The National Center for Advancing Translational Sciences at the US National Institutes of Health has awarded 17 new grants to support the development of artificial organs for testing drugs, reports the Nature News blog. "The hope is that these chips can provide a reliable, inexpensive way to study human disease, in part by allowing different types of cells to interact and by mimicking the [3D] environment that cells inhabit in intact tissues," the Nature News blog adds. NIH adds that it plans to provide $70 million over five years for this program.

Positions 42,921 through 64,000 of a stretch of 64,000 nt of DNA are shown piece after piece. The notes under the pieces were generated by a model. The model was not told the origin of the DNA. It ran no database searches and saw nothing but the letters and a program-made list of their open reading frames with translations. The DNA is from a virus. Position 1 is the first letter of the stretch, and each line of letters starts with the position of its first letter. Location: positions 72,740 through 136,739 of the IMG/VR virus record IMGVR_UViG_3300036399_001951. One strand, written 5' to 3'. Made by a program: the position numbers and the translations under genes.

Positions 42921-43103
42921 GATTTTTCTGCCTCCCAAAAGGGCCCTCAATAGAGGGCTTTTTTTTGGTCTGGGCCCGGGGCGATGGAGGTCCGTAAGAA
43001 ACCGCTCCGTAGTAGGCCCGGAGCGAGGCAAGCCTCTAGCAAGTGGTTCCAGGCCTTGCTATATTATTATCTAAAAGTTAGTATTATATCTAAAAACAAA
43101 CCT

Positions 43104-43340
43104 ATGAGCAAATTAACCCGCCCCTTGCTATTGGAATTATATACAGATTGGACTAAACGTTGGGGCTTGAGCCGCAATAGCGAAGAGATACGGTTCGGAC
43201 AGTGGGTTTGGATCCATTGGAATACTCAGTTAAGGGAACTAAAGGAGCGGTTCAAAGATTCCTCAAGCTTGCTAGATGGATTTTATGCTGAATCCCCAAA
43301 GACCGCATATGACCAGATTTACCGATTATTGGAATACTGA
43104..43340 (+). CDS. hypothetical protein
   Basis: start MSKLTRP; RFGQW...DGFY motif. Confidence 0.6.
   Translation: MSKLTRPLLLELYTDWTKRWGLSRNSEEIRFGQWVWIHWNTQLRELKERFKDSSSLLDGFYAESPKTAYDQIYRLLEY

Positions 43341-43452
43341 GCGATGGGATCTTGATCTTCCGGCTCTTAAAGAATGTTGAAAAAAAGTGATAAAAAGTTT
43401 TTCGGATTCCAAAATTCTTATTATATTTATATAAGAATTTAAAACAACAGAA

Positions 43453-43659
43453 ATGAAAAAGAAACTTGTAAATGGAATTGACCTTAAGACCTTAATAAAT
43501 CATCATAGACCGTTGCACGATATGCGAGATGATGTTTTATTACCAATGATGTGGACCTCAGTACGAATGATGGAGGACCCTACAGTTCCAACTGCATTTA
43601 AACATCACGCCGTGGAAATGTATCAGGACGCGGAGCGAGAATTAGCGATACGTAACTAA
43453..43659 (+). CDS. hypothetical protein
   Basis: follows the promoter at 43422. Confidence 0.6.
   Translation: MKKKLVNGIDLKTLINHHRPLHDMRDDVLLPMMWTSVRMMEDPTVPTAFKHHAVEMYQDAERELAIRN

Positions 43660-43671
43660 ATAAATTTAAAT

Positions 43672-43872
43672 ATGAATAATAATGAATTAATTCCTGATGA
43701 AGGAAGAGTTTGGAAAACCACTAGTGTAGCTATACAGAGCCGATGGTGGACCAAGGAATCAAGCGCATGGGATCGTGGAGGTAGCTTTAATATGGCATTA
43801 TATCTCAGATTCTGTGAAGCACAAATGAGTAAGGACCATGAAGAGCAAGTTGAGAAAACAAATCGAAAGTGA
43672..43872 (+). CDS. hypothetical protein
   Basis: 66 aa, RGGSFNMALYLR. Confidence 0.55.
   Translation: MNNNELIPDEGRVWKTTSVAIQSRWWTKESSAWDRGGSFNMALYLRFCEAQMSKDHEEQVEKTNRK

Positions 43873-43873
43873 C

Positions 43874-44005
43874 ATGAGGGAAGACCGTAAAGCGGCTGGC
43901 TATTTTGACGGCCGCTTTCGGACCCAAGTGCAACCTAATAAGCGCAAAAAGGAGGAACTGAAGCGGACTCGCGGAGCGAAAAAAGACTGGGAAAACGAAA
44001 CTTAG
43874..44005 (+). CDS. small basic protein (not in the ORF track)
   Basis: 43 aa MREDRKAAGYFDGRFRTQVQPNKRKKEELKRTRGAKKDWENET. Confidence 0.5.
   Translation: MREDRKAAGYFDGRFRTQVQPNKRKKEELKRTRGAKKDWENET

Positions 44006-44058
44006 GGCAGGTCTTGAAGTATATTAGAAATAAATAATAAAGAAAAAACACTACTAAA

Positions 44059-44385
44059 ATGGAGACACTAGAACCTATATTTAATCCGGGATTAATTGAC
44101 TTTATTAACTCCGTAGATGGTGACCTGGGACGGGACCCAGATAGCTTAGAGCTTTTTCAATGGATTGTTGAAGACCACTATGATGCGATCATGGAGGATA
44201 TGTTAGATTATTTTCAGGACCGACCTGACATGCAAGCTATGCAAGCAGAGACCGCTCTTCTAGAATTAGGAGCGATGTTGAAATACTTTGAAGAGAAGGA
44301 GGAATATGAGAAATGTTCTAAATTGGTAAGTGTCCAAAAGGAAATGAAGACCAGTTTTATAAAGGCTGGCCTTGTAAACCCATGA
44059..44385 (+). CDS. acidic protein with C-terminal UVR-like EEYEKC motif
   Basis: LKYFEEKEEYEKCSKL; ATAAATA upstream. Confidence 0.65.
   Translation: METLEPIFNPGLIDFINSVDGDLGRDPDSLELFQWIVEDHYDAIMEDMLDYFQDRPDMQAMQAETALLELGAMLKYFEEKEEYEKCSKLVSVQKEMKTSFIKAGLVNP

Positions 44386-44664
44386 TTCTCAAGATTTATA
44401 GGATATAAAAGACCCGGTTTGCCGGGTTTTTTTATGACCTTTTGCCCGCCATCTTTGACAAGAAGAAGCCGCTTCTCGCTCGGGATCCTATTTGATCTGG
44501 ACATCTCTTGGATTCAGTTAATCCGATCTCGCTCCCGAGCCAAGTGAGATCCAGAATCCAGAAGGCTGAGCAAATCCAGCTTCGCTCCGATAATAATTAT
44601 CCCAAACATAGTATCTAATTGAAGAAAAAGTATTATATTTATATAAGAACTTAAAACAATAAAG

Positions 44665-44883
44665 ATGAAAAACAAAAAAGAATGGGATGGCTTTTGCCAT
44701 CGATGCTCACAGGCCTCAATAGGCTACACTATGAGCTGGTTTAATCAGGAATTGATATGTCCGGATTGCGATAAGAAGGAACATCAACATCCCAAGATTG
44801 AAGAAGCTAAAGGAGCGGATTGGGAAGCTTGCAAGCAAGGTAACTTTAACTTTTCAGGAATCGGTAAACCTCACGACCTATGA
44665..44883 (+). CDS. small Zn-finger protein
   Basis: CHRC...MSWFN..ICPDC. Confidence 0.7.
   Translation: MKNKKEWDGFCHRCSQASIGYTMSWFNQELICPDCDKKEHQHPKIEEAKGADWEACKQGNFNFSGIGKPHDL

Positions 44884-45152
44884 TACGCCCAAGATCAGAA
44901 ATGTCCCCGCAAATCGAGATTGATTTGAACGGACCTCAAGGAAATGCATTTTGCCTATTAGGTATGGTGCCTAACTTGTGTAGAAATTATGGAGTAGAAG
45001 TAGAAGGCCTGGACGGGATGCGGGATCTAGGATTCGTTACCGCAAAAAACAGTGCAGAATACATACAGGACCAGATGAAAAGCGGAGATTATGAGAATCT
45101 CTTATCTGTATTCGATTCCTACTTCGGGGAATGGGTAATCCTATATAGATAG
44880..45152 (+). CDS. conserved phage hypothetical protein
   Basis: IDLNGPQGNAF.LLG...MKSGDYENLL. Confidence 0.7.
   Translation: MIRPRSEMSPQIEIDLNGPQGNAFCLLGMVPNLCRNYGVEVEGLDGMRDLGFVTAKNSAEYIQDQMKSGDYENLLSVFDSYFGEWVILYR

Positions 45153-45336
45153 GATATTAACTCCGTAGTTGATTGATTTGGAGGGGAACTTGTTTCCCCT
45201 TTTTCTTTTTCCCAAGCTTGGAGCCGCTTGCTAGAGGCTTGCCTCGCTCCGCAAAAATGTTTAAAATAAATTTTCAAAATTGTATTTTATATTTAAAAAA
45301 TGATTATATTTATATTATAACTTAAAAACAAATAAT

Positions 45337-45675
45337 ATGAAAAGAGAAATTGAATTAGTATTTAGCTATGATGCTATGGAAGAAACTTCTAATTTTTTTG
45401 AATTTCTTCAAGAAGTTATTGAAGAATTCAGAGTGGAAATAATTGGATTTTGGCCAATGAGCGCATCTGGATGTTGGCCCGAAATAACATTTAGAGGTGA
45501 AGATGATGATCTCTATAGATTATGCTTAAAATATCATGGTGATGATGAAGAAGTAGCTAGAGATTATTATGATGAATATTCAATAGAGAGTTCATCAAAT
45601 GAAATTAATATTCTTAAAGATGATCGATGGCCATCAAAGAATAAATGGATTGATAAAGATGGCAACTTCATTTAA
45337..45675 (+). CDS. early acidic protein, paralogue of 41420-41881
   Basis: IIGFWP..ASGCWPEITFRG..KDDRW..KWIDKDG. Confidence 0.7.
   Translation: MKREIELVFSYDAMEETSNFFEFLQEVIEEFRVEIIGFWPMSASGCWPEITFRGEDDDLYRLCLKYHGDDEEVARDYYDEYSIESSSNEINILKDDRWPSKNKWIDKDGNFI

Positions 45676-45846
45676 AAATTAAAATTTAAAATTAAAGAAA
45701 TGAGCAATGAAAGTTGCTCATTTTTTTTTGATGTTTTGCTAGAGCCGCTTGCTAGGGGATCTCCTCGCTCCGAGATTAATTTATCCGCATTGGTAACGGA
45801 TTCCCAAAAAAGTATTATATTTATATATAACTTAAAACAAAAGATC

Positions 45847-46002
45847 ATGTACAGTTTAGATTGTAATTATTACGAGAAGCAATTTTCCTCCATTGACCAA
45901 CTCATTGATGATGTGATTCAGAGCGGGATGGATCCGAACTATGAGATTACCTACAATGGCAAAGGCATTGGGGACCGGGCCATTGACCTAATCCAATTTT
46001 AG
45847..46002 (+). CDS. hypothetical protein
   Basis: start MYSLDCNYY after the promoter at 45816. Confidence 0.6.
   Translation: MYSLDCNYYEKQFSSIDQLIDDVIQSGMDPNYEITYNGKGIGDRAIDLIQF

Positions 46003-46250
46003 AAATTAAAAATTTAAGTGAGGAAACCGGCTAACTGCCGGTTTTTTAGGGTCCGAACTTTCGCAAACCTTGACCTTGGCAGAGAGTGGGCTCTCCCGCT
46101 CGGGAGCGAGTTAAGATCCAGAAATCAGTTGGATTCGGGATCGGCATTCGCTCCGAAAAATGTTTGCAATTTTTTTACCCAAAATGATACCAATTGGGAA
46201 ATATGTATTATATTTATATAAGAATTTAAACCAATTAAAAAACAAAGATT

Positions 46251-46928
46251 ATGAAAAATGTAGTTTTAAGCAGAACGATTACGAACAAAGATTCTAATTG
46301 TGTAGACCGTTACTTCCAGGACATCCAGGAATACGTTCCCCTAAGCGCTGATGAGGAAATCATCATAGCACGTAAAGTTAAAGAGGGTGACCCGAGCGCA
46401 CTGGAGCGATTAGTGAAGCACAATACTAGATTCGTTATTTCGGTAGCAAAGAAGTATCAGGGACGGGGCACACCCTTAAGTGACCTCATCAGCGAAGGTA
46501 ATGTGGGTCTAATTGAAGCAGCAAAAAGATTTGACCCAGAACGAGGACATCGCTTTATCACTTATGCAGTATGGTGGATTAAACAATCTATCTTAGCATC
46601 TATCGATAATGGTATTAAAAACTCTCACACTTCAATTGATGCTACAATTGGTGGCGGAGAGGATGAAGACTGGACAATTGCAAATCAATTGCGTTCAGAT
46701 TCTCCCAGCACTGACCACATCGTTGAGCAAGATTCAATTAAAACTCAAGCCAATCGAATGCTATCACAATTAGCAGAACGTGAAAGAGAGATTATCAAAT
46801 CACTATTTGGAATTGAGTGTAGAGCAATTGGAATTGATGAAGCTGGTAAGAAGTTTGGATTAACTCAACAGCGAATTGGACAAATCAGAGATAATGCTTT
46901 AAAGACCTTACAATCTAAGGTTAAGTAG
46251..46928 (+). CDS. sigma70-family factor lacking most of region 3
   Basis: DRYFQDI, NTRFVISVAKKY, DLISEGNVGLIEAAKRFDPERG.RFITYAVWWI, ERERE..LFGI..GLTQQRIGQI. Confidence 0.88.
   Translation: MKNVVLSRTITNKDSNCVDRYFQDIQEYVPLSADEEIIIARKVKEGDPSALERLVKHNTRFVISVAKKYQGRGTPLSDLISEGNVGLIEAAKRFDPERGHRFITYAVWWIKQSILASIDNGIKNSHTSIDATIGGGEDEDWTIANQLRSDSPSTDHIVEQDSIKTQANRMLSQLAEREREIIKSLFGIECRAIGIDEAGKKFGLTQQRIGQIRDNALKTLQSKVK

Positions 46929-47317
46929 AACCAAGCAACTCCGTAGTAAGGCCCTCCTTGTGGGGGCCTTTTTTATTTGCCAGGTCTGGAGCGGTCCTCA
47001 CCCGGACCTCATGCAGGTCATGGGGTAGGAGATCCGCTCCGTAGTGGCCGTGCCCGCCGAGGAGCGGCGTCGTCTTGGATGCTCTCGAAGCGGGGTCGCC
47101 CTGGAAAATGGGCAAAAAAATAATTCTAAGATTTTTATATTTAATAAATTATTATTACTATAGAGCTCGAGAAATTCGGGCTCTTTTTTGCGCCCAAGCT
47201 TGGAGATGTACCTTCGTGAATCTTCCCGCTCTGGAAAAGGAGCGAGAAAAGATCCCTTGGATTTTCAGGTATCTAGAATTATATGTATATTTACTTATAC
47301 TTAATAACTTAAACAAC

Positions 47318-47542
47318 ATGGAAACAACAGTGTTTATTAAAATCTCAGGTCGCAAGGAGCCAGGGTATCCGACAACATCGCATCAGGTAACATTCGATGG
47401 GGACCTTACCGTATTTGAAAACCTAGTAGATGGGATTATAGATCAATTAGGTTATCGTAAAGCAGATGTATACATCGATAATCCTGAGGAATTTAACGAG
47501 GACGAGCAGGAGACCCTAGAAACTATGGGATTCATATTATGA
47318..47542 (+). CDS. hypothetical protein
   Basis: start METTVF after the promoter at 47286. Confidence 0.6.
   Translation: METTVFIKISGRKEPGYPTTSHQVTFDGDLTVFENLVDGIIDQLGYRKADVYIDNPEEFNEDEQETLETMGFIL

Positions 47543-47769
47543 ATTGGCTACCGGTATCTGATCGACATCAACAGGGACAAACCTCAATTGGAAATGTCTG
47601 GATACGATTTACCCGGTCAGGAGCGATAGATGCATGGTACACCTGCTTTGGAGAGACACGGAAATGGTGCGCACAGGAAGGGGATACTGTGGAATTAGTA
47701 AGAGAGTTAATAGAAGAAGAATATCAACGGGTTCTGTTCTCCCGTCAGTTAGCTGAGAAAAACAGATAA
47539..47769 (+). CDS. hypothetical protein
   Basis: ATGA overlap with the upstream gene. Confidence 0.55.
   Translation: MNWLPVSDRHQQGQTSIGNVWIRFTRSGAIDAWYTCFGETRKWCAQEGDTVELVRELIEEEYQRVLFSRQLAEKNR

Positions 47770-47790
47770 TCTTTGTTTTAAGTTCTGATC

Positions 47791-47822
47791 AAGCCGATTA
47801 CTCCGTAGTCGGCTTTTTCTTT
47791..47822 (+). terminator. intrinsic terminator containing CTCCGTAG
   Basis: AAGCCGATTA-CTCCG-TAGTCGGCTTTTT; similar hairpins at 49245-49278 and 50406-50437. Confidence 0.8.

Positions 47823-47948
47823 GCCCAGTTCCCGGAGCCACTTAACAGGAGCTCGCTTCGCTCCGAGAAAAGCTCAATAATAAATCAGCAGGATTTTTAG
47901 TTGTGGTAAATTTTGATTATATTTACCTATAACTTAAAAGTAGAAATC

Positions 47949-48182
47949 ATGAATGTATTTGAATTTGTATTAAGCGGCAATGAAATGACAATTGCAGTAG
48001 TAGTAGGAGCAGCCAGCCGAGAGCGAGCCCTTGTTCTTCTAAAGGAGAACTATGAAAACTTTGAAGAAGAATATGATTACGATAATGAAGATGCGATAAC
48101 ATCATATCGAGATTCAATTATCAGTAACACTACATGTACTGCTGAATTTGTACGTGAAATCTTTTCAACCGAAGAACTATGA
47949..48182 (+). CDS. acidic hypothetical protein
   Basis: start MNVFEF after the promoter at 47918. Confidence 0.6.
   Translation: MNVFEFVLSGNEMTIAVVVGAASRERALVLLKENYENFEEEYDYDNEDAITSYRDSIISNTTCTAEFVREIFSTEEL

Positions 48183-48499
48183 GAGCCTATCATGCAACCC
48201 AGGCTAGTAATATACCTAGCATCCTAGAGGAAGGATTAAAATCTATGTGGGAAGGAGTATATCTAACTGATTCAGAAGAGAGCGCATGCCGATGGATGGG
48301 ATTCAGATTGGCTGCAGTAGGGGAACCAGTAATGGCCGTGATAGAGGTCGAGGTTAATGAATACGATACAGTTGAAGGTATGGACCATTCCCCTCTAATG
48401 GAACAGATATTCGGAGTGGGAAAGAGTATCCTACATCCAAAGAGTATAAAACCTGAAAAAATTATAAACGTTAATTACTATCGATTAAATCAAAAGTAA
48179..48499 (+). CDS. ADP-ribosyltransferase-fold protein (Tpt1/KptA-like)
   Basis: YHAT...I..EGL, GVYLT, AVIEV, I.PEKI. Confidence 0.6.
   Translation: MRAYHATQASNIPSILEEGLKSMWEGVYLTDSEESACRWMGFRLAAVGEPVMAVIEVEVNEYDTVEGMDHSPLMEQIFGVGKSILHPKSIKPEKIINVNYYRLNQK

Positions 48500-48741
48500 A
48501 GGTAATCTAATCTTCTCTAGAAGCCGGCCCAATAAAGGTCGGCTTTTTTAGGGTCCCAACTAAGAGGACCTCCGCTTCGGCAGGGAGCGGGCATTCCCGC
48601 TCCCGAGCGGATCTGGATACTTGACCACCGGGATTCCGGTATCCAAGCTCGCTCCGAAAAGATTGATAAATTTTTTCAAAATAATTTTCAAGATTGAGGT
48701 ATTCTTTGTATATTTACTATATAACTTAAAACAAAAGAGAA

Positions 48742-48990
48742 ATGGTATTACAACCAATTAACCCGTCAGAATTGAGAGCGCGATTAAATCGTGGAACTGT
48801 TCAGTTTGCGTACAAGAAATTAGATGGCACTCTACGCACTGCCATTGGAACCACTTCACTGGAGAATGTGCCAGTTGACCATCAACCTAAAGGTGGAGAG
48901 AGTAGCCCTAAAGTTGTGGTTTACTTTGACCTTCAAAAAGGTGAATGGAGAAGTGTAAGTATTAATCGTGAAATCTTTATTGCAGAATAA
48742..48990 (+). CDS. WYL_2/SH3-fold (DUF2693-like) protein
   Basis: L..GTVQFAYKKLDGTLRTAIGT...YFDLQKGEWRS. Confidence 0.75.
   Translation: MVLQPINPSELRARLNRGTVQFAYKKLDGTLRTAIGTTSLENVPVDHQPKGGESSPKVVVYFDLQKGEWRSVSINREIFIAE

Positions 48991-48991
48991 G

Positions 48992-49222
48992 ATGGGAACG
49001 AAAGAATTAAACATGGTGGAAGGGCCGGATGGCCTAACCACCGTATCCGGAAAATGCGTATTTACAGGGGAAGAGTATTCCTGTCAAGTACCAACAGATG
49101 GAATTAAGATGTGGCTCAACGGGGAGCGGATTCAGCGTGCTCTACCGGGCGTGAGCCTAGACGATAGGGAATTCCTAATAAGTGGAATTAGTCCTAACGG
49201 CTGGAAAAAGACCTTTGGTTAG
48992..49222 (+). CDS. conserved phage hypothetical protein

Among the grant recipients are Columbia University's Angela Christiano, who is modeling complex diseases using induced pluripotent stem cells; Johns Hopkins University's Thomas Hartung, who is developing a 3D model of the brain to study how genes and the environment interact; and Kevin Parker at Harvard University, who is developing a chip-based model of the human cardiopulmonary system. For 2012, NCATS has contributed $9 million to these awards. The NIH Common Fund has given $4 million.